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Neurotransmitters decrease the calcium component of sensory neurone action potentials


RELEASE of neurotransmitters from presynaptic axon terminals requires the influx of Ca2+ ions during the nerve terminal action potential1. Action potentials recorded in some neurone cell bodies exhibit a relatively large Ca2+ component, and it has been suggested that these soma Ca2+ spikes may provide a model for Ca2+ influx across the less accessible nerve terminal membrane2. Recent data support the usefulness of this model. Serotonin (5-hydroxytryptamine, 5-HT) increases transmitter output at certain habituated sensory nerve-motoneurone synapses in the abdominal ganglion of Aplysia and it also prolongs the Ca2+ spike recorded in the sensory neurone cell body3. Enkephalin reduces the stimulated release of substance P by adult cat trigeminal neurones4 and by cultured embryonic chick dorsal root ganglion (DRG) neurones5, and it decreases the quantal content of excitatory postsynaptic potentials (, transmitter unknown) evoked in cultured rat spinal cord neurones by co-cultured DRG cells6. This peptide also decreases the duration and magnitude of the Ca2+ component of the DRG soma spike5. With the thought that modulation of Ca2+ currents may be a general correlate of presynaptic inhibition, we have studied the effect of several putative neurotransmitters on the soma spike of cultured chick sensory neurones, and report here that they decrease the calcium component of cell body action potentials.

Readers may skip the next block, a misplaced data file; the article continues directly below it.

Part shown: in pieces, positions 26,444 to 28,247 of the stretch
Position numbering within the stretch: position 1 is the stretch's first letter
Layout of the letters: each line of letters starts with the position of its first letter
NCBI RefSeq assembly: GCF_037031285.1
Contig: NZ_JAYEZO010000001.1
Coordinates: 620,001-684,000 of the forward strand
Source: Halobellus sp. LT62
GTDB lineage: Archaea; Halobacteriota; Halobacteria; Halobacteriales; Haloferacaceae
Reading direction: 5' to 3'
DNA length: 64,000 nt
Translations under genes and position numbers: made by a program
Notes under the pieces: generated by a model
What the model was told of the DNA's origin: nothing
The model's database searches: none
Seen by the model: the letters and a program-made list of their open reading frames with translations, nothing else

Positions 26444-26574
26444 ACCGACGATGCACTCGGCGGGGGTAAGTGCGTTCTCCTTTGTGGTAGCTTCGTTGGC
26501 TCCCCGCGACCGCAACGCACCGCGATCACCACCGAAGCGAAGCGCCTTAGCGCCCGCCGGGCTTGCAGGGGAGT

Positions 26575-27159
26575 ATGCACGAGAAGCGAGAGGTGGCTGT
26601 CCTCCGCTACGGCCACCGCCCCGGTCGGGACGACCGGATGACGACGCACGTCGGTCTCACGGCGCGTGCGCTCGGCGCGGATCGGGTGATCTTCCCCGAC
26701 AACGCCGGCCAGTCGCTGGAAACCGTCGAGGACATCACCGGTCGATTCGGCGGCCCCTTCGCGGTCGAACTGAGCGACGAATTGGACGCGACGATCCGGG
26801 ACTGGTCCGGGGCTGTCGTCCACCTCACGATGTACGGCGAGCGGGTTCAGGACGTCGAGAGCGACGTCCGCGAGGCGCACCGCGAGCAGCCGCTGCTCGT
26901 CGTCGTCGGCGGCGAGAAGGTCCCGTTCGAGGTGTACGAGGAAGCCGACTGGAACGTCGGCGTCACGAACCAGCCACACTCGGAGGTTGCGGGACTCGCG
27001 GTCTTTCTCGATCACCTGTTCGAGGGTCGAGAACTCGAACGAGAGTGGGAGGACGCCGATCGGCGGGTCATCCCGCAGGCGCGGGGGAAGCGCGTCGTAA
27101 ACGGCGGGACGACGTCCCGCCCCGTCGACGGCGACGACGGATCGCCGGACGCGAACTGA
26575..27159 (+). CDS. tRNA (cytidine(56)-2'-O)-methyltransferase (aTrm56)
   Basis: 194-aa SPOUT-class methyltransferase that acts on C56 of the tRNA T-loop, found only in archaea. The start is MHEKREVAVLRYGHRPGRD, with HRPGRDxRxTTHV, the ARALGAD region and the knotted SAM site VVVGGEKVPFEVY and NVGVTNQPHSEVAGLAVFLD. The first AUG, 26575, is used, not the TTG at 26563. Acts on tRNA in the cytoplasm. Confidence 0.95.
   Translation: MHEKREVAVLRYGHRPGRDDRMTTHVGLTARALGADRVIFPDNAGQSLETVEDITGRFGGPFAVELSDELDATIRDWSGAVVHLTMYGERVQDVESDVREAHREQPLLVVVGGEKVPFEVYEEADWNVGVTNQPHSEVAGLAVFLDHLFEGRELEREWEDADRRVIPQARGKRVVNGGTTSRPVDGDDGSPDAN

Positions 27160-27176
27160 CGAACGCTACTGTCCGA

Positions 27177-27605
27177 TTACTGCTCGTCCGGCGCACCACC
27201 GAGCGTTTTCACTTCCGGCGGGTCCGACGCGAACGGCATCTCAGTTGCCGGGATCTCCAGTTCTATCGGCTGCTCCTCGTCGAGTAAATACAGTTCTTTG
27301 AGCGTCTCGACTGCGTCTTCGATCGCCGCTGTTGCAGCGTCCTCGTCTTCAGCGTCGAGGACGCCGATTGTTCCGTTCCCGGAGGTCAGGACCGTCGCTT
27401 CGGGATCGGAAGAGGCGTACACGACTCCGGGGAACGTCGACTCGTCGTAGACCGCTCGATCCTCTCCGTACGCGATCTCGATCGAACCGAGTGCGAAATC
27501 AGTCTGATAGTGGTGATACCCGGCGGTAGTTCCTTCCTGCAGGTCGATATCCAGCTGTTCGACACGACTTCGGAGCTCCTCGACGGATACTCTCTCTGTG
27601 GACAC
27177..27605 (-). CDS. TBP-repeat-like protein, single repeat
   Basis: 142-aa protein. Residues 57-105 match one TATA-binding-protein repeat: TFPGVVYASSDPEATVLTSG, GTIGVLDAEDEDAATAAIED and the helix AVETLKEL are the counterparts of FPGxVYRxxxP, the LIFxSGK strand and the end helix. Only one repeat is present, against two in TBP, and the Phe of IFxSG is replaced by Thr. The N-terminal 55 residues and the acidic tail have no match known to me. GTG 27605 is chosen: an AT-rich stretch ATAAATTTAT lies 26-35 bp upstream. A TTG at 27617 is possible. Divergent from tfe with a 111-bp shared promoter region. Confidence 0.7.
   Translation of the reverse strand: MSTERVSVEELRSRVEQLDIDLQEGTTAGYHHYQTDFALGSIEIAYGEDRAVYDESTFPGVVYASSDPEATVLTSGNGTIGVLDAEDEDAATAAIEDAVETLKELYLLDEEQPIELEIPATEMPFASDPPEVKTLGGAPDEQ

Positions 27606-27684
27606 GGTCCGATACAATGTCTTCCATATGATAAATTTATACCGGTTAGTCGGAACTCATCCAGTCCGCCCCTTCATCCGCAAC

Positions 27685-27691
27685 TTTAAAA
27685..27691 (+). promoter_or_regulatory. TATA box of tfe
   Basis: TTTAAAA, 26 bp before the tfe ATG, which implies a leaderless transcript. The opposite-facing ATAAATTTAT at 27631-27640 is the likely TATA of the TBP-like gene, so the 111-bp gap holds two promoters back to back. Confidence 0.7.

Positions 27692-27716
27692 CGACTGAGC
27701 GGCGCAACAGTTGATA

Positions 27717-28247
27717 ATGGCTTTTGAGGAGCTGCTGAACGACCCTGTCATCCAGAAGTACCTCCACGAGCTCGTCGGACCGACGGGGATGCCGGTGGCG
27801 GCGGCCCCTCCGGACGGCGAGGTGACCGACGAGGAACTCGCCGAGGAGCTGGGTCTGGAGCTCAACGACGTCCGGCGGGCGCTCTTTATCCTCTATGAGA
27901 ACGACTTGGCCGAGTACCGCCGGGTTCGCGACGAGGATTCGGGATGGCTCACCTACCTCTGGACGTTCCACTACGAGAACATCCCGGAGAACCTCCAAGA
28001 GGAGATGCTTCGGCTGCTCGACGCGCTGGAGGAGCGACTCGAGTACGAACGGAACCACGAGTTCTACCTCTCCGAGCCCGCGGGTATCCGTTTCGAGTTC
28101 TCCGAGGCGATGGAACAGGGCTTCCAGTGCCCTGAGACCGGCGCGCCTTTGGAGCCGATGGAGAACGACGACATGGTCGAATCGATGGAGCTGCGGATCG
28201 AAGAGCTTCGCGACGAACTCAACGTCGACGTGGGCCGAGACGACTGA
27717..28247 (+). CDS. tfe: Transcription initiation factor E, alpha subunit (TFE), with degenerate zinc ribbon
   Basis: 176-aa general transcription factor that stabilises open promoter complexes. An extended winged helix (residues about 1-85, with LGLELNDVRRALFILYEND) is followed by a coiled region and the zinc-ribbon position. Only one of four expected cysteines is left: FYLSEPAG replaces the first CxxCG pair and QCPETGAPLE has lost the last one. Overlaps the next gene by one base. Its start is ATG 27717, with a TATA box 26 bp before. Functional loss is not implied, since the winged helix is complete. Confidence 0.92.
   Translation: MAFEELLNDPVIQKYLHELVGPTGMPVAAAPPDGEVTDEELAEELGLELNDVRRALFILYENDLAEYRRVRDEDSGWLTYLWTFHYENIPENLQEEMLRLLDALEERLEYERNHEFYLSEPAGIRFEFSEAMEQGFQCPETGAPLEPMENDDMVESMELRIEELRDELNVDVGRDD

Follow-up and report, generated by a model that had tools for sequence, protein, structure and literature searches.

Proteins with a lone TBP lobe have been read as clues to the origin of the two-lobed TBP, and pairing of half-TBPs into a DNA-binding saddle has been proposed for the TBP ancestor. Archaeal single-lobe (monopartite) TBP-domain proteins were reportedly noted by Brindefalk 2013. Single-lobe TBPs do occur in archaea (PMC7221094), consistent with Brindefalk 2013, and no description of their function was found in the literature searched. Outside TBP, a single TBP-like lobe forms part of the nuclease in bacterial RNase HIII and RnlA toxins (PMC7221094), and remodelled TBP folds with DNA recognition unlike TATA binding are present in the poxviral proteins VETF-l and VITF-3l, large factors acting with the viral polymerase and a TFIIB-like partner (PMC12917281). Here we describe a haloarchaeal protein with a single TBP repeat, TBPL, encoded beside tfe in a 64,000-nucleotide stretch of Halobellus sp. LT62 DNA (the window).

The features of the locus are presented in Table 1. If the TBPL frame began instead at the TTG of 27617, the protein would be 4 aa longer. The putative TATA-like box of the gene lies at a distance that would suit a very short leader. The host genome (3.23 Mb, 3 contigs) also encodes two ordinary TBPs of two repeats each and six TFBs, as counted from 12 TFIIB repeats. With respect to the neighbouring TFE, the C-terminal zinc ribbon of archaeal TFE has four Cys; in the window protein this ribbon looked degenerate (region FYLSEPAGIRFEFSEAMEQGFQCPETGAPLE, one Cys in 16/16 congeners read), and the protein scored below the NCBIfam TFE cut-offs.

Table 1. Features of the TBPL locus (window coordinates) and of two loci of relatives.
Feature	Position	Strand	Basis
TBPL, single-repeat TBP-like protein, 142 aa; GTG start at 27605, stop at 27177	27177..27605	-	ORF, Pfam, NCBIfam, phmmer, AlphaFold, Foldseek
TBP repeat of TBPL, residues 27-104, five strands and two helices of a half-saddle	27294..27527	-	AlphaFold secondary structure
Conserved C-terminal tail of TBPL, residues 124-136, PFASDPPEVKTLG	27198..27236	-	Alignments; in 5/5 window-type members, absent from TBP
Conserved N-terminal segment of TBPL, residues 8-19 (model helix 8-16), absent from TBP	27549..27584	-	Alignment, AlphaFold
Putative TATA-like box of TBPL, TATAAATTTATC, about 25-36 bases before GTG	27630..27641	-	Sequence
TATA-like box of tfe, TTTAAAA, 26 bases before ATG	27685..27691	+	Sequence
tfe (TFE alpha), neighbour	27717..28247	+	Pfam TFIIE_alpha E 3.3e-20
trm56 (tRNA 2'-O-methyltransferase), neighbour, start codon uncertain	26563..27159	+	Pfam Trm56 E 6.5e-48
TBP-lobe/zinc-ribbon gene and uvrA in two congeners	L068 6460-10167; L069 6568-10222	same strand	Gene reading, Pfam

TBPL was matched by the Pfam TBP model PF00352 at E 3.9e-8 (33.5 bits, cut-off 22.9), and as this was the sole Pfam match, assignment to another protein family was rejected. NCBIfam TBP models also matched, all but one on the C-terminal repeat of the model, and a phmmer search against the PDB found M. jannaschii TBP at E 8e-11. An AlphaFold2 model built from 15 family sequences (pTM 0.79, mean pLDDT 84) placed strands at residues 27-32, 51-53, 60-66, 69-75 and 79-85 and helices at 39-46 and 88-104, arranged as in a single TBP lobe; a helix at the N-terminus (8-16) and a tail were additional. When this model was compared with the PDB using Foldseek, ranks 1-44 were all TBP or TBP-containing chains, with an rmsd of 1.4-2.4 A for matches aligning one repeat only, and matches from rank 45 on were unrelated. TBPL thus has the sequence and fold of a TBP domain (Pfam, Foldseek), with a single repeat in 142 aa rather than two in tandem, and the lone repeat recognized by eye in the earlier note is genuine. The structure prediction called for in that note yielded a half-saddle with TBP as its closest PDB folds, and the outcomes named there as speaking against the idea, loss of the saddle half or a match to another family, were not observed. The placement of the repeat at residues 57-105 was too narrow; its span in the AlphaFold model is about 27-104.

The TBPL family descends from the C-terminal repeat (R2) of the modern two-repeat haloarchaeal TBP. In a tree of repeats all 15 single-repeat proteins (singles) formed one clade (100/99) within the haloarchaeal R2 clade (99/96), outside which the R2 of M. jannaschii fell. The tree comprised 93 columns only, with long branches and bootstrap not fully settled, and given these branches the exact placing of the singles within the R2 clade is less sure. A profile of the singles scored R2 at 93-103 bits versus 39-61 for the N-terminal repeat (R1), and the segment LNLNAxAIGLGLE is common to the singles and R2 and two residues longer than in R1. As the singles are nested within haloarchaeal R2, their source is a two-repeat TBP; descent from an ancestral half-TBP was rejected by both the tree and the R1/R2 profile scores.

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DUNLAP, K., FISCHBACH, G. Neurotransmitters decrease the calcium component of sensory neurone action potentials. Nature 276, 837–839 (1978).

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